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Making Money (Discworld Novels) by Terry…
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Making Money (Discworld Novels) (original 2007; edition 2008)

by Terry Pratchett

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6,517140586 (4.04)185
Member:ajr493
Title:Making Money (Discworld Novels)
Authors:Terry Pratchett
Info:Harper (2008), Edition: Reprint, Mass Market Paperback, 432 pages
Collections:Your library
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Making Money by Terry Pratchett (2007)

Recently added byprivate library, vibeke37, alanhaley, EkiTeebi, SudolTerri, schlinkles, Oigelb, xntrek
  1. 61
    Going Postal by Terry Pratchett (kinsey_m)
    kinsey_m: Same protagonist, just as fun.
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» See also 185 mentions

English (137)  German (2)  All (139)
Showing 1-5 of 137 (next | show all)
Moist!!!!! I love the Moist books. Terry Pratchett is my favorite writer! ( )
  CSDaley | Mar 28, 2018 |
It was a great read ... Neat that it didn't focus on Witches and Wizards. ( )
  Douglas_K | Feb 16, 2018 |
The financial sector of Ankh-Morpork is dire trouble and Lord Vetinari looks to his Postmaster General to solve the problem, however he doesn’t want the opportunity but somethings are out of his hands. Making Money is Terry Pratchett’s 36th Discworld novel and the second to follow the conman-turned-civil servant Moist von Lipwig who is beginning to pine for thrills and suddenly finds himself in the midst of them.

With the Post Office running as smoothly as possible and facing plain paperwork every day, Moist von Lipwig is looking for thrills and excitement in a variety of ways including scaling the outside of the Post Office and breaking into his own office. Lord Vetinari attempts to sell Moist on taking over the Royal Bank of Ankh-Morpork and the Royal Mint, but Moist is satisfied with his life. However Bank chairwoman Topsy Lavish changes her will to make Moist guardian of her dog, Mr. Fusspot, to whom she leaves her controlling interest in the Bank to. Suddenly Moist is taking care of a dog and running the Bank and Mint much to his annoyance and that of the Lavish family and Mr. Bent, the head cashier. Moist begins thinking about changes to the banking system but then is inundated with numerous challenges first from Mr. Bent, the Lavishes including one that wants to become Lord Vetinari (not Patrician just Vetinari), a former partner blackmailing him about his conman past, missing gold from the bank vault, and finally his fiancée arranging for an army of golems to arrive in Ankh-Morpork. Soon Moist past is exposed, though no one cares, after saving the city from the golems as well as using them to base his new paper currency and is still alive at the end of the book which is the least he wants out of each day.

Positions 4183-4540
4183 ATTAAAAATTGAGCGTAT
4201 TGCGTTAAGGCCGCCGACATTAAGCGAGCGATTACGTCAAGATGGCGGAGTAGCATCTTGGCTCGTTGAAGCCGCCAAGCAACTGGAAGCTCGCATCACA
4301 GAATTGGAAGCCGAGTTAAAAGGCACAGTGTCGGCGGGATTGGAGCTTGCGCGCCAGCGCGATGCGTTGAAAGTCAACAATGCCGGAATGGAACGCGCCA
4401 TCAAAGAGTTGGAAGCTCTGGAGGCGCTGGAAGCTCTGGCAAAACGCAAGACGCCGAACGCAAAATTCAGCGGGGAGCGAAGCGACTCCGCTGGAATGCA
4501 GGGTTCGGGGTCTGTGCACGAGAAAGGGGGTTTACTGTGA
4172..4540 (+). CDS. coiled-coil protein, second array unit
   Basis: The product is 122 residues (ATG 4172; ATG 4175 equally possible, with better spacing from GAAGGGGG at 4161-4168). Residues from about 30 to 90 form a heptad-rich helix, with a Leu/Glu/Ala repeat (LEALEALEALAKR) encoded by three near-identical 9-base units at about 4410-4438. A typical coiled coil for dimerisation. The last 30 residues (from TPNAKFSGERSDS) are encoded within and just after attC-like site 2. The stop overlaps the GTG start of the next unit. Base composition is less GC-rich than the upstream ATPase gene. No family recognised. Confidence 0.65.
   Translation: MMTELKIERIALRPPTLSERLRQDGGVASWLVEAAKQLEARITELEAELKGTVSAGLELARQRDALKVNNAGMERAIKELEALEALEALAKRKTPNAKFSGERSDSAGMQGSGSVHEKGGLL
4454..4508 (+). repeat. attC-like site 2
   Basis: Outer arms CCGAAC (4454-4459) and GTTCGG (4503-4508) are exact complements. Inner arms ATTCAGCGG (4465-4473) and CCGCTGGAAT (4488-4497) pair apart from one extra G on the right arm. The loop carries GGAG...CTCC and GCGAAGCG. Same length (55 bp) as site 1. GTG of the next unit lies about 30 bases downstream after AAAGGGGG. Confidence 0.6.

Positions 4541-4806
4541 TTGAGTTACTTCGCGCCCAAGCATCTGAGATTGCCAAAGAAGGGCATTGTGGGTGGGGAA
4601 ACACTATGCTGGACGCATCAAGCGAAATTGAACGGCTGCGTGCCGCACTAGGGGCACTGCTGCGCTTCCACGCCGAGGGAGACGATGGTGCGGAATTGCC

Moist is one of the most original characters that Pratchett has come up with and like Going Postal, I enjoyed following his story. However, like the previous mentioned book this one is not up to the quality that Pratchett is known for. While Moist, Vetinari, and Adora Belle Dearheart were well written, the overall plot and the numerous subplots just seemed to meander. Pratchett attempted to avoid Moist doing exactly what he did in Going Postal by having him deal with other challenges, but they were a mishmash of ideas that didn’t seem to come together and pages were wasted with the Cosmo Lavish subplot that took up pages without really accomplishing anything.

Honestly, it was hard to rate Making Money because while I enjoyed reading Moist’s point-of-view, the overall plot of the book was just serviceable as it twist and turned based on the questionable subplots intertwined with it. If you are a first time Discworld reader, don’t read this book until you’ve sampled some of Pratchett’s other better quality writing. If you are a veteran Discworld reader then focusing on enjoying the point-of-view of Moist even though the book’s quality is just okay. ( )